[FOM] R and the powerset axiom
Andrej Bauer
andrej.bauer at andrej.com
Sat May 16 02:44:53 EDT 2009
On Thu, May 14, 2009 at 9:50 AM, Arnon Avron <aa at tau.ac.il> wrote:
> I admit that I am not acquainted with the constructions you have cited
> (I thought they are all in the context of constructive mathematics).
Constructive mathematics (of Bishop's, but not intuitionism of
Brouwer's) is consistent with classical mathematics.
> However, I do not understand how a construction of the real "reals"
> (*those that are supposed to correspond in exact way to the points
> on an Euclidean straight line*) can be done without the powerset axiom
> or something equivalent.
Well, that's what those constructions do and so I cited them for your benefit.
Briefly, one way to get at the reals wihtout powersets is as follows.
Assume we can form the following sets: natural numbers, finite
cartesian products, subsets defined by bounded formulas, quotients by
equivalence relations, and exponentials.
The exponential of sets A and B is a set B^A with a function e : (B^A)
x A -> B such that, for every function f : C x A -> B there exists a
unique function g : C -> (B^A), such that e(g(z),x) = f(z,x) for all z
in C and x in A. (In classical mathematics the existence of
exponentials implies the existence of powersets because the powerset
of A is the exponential {0,1}^A, but please bare with me for a
moment.)
With these constructions we can form the reals as follows. First we
form the integers and the rationals Q in the usual way. Then we form
the set C of Cauchy sequences in Q as a subset of Q^N. The set R is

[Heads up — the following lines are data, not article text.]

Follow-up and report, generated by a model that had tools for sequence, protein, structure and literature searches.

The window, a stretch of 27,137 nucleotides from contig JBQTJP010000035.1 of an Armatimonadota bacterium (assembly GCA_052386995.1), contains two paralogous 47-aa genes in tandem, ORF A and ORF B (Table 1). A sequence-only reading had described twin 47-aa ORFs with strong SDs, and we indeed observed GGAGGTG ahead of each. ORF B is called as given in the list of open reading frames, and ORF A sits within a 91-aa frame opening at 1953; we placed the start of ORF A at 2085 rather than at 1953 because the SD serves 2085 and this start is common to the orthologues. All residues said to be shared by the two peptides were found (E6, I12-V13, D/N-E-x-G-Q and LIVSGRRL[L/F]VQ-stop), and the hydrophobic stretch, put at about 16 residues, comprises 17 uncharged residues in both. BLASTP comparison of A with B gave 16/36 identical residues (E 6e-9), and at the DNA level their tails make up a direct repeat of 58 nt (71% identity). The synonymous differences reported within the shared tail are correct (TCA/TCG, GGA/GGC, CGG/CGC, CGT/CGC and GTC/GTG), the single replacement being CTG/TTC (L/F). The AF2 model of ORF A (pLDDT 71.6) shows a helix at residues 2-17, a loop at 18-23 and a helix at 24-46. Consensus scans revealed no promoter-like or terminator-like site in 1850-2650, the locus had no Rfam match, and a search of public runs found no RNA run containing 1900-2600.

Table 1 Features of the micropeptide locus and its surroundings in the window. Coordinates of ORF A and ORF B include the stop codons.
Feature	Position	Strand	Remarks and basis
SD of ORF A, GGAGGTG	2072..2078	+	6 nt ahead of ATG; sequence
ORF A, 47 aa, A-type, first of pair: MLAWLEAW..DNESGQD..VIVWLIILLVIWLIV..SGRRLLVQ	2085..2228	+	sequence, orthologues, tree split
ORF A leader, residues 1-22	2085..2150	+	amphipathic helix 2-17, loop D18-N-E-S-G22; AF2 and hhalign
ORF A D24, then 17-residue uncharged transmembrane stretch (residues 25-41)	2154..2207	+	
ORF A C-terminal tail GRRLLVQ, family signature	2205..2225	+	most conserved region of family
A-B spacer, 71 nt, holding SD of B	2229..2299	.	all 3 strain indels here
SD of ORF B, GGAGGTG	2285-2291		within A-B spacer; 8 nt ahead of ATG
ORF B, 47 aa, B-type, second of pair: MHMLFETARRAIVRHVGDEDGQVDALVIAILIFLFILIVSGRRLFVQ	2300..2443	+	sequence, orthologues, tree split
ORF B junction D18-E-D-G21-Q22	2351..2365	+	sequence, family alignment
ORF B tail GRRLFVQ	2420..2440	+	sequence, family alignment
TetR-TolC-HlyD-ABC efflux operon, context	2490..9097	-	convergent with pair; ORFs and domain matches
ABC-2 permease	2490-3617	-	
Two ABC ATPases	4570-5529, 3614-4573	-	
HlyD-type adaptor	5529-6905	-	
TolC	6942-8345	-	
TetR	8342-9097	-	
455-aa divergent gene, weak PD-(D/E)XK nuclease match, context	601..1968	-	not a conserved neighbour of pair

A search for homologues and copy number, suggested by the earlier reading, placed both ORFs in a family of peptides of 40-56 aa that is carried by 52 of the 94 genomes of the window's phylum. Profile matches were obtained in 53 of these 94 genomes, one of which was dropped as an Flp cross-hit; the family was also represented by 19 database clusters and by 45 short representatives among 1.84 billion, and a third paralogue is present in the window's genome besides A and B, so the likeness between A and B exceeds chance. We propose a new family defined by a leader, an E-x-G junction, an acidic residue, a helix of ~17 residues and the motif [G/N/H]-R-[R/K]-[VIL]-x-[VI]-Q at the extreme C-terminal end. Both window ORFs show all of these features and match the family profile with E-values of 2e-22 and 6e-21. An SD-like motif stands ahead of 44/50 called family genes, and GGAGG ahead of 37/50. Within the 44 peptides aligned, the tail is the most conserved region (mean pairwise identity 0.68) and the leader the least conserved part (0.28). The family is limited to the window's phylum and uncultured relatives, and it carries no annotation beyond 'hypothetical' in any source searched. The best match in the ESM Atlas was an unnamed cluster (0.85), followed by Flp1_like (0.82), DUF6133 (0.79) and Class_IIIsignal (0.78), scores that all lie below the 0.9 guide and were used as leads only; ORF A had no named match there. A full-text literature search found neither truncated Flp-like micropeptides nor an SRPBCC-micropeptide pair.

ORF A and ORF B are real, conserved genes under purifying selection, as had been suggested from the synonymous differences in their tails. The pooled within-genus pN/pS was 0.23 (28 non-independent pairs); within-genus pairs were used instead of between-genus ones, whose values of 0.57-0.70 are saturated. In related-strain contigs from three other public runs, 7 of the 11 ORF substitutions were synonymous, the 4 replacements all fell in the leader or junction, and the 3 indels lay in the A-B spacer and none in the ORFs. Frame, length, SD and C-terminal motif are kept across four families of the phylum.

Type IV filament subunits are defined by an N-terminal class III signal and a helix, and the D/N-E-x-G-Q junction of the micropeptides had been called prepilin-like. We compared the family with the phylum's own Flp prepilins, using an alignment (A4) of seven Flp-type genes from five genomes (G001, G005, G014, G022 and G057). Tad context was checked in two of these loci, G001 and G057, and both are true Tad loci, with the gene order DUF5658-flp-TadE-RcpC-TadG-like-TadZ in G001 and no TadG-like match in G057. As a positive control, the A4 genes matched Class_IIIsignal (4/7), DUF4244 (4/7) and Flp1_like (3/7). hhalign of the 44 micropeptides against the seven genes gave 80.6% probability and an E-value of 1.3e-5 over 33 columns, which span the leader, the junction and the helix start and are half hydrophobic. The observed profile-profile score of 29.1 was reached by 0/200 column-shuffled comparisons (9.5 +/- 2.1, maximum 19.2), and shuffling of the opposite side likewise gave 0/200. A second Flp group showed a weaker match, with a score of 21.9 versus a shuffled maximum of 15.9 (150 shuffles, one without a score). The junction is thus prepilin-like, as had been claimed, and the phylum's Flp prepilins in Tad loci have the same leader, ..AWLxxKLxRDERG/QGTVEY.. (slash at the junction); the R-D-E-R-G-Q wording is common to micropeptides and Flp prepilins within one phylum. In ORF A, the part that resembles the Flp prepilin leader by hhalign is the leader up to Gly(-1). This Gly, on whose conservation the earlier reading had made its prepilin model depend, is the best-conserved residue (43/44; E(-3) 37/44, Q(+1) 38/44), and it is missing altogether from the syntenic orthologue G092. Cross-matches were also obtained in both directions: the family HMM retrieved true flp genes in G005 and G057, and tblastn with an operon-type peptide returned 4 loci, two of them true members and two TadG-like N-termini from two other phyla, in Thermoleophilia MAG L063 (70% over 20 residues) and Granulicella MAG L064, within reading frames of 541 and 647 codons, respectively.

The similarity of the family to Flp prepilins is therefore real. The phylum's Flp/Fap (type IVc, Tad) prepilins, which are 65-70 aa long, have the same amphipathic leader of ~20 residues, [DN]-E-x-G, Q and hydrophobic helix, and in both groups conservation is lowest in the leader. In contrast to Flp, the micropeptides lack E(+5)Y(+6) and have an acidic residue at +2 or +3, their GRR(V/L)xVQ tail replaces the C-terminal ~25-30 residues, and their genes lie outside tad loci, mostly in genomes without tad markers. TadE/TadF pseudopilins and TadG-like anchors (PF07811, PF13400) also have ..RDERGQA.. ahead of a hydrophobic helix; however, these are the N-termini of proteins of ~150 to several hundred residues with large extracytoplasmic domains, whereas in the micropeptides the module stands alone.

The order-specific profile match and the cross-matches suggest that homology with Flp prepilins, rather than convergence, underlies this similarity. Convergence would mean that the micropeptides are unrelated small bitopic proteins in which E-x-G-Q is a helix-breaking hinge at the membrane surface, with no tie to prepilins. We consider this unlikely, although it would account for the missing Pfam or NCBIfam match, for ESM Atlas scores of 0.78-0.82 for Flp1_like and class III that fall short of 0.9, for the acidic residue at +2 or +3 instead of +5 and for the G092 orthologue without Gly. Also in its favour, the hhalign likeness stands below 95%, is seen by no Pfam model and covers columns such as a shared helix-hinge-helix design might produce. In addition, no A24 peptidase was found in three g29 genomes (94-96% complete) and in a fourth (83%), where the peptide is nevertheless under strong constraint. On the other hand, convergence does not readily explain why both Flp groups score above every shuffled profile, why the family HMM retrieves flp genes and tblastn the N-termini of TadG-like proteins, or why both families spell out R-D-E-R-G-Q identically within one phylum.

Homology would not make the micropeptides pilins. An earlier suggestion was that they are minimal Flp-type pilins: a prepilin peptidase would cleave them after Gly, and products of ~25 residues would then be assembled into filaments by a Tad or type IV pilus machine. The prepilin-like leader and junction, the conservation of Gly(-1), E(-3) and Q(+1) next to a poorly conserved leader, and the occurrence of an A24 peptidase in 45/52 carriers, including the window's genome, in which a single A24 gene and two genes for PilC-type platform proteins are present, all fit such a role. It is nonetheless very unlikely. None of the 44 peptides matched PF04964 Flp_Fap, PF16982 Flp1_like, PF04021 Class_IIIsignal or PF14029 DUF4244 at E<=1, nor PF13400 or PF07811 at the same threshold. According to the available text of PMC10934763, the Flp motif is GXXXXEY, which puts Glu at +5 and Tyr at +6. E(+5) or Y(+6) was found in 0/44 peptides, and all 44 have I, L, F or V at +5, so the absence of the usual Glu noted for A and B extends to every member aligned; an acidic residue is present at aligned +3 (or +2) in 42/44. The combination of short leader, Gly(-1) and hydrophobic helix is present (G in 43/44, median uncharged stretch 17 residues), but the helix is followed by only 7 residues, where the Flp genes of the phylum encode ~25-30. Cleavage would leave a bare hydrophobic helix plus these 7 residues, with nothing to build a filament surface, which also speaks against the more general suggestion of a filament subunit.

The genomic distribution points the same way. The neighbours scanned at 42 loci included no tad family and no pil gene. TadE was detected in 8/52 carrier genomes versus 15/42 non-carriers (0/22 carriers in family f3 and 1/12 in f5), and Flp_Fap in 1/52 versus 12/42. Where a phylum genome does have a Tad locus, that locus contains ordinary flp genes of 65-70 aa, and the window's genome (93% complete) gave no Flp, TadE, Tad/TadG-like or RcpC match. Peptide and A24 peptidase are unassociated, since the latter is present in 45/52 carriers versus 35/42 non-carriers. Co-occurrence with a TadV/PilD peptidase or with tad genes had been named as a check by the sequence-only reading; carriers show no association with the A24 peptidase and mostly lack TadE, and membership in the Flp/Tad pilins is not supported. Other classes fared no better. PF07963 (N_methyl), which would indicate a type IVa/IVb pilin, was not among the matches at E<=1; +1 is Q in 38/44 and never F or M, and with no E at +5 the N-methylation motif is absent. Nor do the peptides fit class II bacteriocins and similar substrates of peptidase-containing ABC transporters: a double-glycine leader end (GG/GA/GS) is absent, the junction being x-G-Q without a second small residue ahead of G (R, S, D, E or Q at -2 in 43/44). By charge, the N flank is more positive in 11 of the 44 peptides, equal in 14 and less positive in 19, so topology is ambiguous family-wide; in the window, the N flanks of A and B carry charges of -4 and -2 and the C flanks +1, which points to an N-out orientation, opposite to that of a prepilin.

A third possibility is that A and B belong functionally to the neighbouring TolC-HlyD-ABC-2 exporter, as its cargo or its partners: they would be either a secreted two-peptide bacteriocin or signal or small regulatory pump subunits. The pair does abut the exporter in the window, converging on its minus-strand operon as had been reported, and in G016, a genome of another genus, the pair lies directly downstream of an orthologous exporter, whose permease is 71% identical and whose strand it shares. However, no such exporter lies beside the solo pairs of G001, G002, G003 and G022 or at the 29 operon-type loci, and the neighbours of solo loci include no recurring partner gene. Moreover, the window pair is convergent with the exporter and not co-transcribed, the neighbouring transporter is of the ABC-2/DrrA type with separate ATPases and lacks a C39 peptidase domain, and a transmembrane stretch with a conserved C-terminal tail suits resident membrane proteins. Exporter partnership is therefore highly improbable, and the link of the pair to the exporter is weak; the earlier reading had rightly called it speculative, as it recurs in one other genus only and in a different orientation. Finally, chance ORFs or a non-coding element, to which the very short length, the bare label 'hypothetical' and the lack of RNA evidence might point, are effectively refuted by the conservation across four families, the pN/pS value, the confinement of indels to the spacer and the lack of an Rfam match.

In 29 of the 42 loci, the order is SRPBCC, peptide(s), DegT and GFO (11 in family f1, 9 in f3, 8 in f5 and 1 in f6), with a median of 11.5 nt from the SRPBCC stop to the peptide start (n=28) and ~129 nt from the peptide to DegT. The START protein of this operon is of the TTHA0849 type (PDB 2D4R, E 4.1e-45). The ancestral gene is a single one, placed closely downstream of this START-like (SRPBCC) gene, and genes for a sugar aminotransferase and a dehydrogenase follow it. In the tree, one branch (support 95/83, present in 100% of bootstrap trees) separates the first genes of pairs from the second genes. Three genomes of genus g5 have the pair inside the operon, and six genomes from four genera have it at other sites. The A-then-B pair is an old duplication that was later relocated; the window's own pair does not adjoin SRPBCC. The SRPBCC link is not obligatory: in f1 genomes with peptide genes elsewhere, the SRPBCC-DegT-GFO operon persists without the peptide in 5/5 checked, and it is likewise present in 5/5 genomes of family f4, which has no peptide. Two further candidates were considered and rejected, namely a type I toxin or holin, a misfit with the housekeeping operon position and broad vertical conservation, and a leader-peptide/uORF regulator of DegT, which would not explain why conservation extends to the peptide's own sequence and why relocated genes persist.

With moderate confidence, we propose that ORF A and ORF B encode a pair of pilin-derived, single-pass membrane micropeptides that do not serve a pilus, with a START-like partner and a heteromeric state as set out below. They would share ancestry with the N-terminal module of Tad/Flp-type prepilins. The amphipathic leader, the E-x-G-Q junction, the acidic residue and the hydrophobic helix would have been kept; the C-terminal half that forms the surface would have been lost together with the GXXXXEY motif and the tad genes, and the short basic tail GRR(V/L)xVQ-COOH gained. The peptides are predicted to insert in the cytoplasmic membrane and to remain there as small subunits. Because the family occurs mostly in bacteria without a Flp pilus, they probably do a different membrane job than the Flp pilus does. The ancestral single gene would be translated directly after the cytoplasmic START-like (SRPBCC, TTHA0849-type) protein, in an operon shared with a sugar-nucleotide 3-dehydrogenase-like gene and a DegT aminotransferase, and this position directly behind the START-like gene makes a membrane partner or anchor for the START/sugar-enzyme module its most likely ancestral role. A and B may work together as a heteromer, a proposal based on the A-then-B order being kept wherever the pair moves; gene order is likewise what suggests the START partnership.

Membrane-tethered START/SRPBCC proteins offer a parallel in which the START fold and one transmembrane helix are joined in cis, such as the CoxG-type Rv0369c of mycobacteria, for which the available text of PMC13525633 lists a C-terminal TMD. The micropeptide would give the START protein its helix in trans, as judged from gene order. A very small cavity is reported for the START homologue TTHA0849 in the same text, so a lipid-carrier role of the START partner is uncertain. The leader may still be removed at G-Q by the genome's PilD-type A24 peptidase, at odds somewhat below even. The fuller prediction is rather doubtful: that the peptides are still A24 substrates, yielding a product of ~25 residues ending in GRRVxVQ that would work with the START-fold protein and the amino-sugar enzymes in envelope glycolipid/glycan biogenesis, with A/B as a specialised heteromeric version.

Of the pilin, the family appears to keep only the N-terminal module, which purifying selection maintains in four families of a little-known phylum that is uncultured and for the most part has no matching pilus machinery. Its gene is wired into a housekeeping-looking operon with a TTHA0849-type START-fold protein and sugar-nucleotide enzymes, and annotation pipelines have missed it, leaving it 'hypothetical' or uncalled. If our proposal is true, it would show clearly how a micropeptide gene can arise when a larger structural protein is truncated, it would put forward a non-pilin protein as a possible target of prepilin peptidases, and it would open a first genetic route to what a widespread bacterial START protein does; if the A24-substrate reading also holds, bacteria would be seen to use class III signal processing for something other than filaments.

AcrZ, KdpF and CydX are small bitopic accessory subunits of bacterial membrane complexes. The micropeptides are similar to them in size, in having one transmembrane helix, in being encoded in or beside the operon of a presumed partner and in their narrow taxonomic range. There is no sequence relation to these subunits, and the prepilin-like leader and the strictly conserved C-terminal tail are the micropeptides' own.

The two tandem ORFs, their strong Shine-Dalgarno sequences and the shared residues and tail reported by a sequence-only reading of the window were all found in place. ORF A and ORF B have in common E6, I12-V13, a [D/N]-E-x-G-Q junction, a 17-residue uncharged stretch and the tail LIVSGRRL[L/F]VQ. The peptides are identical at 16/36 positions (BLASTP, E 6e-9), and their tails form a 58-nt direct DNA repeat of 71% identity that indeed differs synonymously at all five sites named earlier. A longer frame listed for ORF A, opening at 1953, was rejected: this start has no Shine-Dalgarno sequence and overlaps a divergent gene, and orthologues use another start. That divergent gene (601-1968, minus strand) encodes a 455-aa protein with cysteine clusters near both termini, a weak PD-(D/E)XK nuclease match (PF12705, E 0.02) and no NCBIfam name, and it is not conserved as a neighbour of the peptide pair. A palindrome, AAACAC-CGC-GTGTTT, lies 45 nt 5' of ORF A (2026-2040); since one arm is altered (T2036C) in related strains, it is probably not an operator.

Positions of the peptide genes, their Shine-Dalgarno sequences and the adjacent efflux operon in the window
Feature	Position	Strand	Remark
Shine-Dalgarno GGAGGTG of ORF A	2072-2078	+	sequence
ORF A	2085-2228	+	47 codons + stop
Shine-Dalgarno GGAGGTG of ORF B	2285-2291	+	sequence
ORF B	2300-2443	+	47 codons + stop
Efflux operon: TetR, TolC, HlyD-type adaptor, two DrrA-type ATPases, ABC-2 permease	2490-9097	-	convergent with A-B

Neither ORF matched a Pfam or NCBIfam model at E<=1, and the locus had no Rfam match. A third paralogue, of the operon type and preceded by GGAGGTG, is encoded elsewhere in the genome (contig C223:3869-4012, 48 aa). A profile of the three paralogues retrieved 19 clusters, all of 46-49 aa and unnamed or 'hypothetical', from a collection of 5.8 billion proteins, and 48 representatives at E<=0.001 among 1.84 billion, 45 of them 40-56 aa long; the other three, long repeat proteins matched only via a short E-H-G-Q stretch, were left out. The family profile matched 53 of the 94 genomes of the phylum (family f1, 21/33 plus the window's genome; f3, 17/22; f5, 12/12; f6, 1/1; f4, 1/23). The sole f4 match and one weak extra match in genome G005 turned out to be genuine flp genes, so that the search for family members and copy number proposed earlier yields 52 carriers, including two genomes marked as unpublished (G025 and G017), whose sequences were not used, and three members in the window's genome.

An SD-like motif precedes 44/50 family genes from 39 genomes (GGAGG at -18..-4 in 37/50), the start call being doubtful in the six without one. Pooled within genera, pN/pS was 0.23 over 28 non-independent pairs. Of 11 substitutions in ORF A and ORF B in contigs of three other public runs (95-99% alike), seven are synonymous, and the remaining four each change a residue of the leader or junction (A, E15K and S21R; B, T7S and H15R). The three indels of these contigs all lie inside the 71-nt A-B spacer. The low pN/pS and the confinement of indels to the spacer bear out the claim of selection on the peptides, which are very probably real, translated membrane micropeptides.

defined a quotient of C by a suitable equivalence relation. With
countable choice we can prove that R is a Cauchy-complete archimedean
ordered field, i.e., what many people call "reals".
If you also happen to believe in classical logic, then you will be
able to construct powersets from exponentials, an issue that is
unrelated to the fact that we constructed R and proved it to have the
desired properties without ever using powersets (and without classical
logic). So our construction works in many models. For example, there
is a topological model in which the construction gives "all" reals
(the ones you want, without holes), automagically equipped with the
Euclidean topology, and there are no powersets in the model.
The relationship between exponentials and powersets, and much more, is
explained in the notes on constructive set theory by Aczel and Rathjen
that I cited.
One could ask the following question: is there a formulation of set
theory with classical logic in which the reals can be constructed but
the powerset of the natural numbers cannot? For the question to make
sense we would first have to find a way of expressing the statement
"reals are complete" that does not involve talking about arbitrary
bounded subsets of R, or about arbitrary infinite sequences of numbers
(because either of those easily gives the powerset of the naturals
when combined with classical logic).
> As far as I know, without the powerset axiom one cannot prove in ZFC the existence of any
> uncountable set (including the real R).
Well then don't use ZFC if you're unhappy with the powersets :-) There
are many other options out there.
Best regards,
Andrej
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